While most research literature suggests the effectiveness of drug court [7-10], there is a scarce understanding on whether these findings translate to young adult offenders whose experiences are notably different given their developmental context [11]. Additionally, existing research has yet to identify specific characteristics of individuals that are more or less likely to benefit from drug court. Identifying potential moderators of treatment for this population has large implications for judicial personnel, clinicians, and policy makers. In particular, co-occurring psychopathology is widely prevalent among individuals with substance use disorders (up to 65%) [12]. Clients with co-occurring psychopathology may respond more positively to comprehensive treatment models that factor underlying disorders.

Current study

The present study aims to resolve several disparities in existing literature by evaluating the effectiveness of a young adult drug court program in Florida and identifying potential moderators of treatment outcome based on co-occurring psychopathology. The intervention was a combined mental health and substance abuse treatment program housed within an adult drug court that targets non-violent young adult offenders (ages 18-26) with crimes associated with illegal substances.

This study had several objectives and components including to: 1) evaluate the initial six-month effectiveness of a young adult drug court model by measuring clients’ overall substance use and mental health symptomatology, and 2) determine if baseline psychopathology moderated the program’s effectiveness on outcome. All protocol and procedures were approved by an IRB at the University of South Florida, and informed consent was obtained from each participant before any study activities were initiated.



Inclusion criteria for participating in the program include male and female young adult offenders with drug motivated non-violent felony charges. Sex offenders and violent/noncompliant offenders are excluded from participating in the court. The present study investigated client progress over a six-month period of time since beginning substance abuse treatment. Clients were mandated to undergo intensive treatment in three stages: (1) three months at three times a week, then (2) three months at two times a week, and finally (3) three to six months of aftercare with individual therapy, support groups, and drug tests. Of the participants enrolled in the program, 98 completed baseline assessments, and 74 completed both baseline and six-month follow-up measures at the time of analysis. As can be seen in Table 1, about 64% were female, the average age was about 22.5 years old, and approximately 84% were Caucasians. More than half (58%) did not complete high school, with 42% completing high school or GED. 85% of the sample were single.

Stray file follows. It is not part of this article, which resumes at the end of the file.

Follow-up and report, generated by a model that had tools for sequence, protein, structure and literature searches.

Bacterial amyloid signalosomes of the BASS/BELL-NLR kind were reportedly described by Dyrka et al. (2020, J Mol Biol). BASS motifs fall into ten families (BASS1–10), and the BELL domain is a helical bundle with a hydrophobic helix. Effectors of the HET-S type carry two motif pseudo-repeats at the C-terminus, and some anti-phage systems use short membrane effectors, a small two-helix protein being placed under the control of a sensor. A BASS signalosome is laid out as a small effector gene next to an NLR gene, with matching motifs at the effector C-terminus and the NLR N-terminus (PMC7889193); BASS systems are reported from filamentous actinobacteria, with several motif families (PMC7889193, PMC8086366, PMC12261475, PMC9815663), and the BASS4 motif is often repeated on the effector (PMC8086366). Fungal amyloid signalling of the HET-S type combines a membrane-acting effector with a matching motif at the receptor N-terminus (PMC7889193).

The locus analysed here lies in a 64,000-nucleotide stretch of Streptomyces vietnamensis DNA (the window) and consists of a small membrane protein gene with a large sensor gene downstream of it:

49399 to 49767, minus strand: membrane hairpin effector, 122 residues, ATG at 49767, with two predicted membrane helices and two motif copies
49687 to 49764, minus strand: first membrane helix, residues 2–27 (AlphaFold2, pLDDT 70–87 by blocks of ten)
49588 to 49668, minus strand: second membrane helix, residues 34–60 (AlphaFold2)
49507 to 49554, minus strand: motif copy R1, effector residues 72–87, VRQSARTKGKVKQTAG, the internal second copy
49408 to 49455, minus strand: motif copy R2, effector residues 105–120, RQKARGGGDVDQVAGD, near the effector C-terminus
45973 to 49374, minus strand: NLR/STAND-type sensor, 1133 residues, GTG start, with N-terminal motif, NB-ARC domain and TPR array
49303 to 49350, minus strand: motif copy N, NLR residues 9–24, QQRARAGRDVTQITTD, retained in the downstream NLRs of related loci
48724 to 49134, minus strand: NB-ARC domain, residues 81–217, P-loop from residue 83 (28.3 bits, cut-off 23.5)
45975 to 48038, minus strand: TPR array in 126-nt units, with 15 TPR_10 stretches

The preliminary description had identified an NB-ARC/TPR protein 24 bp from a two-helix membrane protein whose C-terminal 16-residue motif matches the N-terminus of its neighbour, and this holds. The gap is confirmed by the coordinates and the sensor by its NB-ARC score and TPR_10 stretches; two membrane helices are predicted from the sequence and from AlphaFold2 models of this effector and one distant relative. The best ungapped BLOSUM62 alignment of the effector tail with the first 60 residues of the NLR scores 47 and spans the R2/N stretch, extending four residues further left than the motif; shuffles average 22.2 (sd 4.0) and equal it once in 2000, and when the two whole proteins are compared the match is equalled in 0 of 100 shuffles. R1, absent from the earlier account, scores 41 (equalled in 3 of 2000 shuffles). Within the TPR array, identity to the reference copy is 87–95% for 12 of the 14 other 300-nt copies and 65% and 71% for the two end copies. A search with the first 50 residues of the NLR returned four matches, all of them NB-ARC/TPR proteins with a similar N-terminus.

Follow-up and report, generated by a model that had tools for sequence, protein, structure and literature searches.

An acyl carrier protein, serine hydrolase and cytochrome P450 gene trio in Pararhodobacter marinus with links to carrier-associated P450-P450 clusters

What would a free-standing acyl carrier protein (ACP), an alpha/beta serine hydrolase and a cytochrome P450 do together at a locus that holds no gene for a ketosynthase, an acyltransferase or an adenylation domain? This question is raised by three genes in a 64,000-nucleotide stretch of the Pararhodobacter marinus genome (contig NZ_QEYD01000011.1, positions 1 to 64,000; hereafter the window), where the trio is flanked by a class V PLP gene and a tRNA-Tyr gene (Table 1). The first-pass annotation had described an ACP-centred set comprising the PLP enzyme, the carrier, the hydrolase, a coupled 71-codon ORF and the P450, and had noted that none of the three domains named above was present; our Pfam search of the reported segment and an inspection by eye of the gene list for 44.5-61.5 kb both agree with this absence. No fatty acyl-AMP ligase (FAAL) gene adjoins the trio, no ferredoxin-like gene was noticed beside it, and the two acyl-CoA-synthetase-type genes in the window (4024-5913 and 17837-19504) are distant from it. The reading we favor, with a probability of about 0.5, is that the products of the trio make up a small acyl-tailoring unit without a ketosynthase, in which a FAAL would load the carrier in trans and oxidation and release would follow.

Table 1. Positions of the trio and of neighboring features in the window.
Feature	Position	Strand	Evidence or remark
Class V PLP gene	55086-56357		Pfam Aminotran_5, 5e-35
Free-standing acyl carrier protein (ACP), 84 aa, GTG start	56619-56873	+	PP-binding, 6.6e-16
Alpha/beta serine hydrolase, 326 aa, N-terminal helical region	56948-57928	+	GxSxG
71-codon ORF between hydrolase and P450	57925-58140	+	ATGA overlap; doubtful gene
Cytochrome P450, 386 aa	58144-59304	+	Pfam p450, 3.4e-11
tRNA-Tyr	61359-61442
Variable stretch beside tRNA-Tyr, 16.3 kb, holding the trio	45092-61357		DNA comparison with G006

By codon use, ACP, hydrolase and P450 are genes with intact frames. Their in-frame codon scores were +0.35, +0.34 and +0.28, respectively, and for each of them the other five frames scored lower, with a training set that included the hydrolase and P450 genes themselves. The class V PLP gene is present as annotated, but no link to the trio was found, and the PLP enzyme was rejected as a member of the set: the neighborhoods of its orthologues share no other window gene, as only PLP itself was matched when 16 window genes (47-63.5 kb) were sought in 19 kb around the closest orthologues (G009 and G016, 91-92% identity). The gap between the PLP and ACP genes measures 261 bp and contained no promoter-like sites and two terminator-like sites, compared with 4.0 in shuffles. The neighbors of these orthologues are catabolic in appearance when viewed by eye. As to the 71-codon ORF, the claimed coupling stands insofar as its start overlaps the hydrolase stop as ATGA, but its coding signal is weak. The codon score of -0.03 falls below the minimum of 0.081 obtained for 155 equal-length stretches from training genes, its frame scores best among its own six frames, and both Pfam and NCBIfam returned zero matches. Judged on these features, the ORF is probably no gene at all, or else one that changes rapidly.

Characteristic n % or Mean (SD)
Male 35 36.6
Female 63 64.3
Age (years) 98 22.5 (2.21)
Caucasian 82 83.7
African-American 1 2.9
Hispanic/Latino 1 1
Mixed 12 12.2
Other 1 1
Education (years)
Less than high school diploma 57 58.2
High school diploma/GED 41 41.8
Associate’s degree 3 2.5
Bachelor’s degree 1 1
Vocational/trade certificate 14 14.3
Sexual Orientation
Heterosexual 88 85.4
Homosexual, gay or lesbian 4 3.8
Bisexual 4 3.8
Non-sexual or asexual 2 1.9
Marital status
Married 1 1
Living with someone as married 1 1
Married but living apart 5 4.8
Divorced 1 1
Legally separated 2 1.9
Single 88 85.4
Pregnant 4 3.9
Note: Percentages represent valid % due to limited missing data.

Table 1: Demographics characteristics (n = 98).

Those that completed both baseline and follow-up measures did not differ in most demographic variables (all ps>0.05), however those that completed treatment were more likely to have completed high school (p<0.05). Those who completed follow-up assessments endorsed more symptoms of psychopathology at baseline than those who did not (p<0.01). In contrast, participants who did not complete follow-up measures had higher reported cocaine use (p<0.001).


This study conducted an evaluation using data obtained from the measures described below. Data were collected from each participant at baseline upon entering drug court treatment and subsequently six months later.